سال انتشار: ۱۳۸۵
محل انتشار: شانزدهمین همایش بین المللی خلیج فارس
تعداد صفحات: ۲۸
Kenneth Katzman – Research Service of the United States Congress, Washington DC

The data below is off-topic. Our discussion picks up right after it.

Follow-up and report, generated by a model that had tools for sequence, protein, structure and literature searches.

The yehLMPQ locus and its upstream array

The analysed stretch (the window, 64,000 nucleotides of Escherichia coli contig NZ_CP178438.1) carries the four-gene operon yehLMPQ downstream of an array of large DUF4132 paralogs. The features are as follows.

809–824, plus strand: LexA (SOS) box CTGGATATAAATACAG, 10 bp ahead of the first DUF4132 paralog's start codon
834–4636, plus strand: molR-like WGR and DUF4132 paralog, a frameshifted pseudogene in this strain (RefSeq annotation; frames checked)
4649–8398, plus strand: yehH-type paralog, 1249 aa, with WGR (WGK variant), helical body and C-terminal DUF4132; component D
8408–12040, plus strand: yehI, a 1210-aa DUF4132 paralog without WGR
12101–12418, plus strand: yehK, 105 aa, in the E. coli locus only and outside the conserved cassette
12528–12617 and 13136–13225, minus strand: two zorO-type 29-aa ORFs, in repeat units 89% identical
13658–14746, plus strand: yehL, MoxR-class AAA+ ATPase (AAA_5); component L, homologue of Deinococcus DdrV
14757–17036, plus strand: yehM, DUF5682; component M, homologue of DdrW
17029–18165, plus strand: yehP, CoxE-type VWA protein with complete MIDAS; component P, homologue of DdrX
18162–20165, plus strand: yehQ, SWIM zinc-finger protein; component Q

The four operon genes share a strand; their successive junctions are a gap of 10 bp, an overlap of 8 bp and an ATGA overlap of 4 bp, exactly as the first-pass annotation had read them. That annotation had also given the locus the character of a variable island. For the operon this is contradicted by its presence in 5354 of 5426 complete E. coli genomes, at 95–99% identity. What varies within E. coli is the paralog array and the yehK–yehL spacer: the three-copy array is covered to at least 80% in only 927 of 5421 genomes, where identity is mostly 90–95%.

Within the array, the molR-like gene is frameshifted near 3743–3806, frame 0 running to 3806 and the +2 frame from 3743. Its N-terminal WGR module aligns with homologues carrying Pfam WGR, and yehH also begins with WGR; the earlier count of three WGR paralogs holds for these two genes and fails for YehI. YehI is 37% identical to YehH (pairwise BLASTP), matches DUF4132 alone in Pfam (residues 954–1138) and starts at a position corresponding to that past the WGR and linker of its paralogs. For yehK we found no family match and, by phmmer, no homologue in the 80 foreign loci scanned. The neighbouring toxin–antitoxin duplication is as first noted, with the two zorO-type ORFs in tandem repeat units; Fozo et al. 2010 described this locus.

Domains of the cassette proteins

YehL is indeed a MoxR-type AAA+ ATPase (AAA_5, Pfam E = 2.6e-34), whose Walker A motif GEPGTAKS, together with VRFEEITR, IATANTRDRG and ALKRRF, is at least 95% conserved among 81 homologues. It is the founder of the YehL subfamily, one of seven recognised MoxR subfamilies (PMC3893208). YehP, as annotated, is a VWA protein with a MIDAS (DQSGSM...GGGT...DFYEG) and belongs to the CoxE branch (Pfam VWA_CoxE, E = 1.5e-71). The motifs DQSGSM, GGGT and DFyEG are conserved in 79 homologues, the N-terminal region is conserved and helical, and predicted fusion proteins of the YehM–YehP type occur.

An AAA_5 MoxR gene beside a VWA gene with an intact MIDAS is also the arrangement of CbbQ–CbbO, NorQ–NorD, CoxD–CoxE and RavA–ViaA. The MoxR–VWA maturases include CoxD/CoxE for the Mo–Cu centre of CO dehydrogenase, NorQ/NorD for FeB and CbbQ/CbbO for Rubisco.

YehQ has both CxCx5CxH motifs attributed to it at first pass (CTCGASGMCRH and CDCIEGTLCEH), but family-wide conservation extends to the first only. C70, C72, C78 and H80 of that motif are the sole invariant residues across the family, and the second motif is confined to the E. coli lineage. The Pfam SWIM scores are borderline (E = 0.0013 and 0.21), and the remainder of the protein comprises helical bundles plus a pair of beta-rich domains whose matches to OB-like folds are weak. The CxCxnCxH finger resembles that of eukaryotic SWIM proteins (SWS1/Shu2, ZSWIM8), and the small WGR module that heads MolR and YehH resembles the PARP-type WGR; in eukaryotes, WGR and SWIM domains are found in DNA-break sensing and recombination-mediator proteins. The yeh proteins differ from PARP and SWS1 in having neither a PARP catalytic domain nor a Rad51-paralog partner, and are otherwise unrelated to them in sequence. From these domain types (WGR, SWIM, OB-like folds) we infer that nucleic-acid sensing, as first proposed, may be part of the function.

Nearly three years after the fall of Saddam Hussein’s regime at the hands of the US military, no clear Persian Gulf alternative security architecture is in place.1 In the absence of a security structure, the Persian Gulf Cooperation Council (PGCC: Saudi Arabia, Kuwait, UAE, Qatar, Bahrain, and Oman) states feel increasingly vulnerable to a multiplicity of threats to their stability and their resources. The threat profile is unexpectedly ominous in light of the fall of Saddam Hussein, who had previously been viewed as the greatest challenger to Persian Gulf security and whose downfall was expected by the Bush Administration to pave the way for a "golden age" of automatic and effortless Persian Gulf stability. Yet, many of the Persian Gulf states now feel more vulnerable than ever, even if they face no systematic violence or clear internal threats at this time.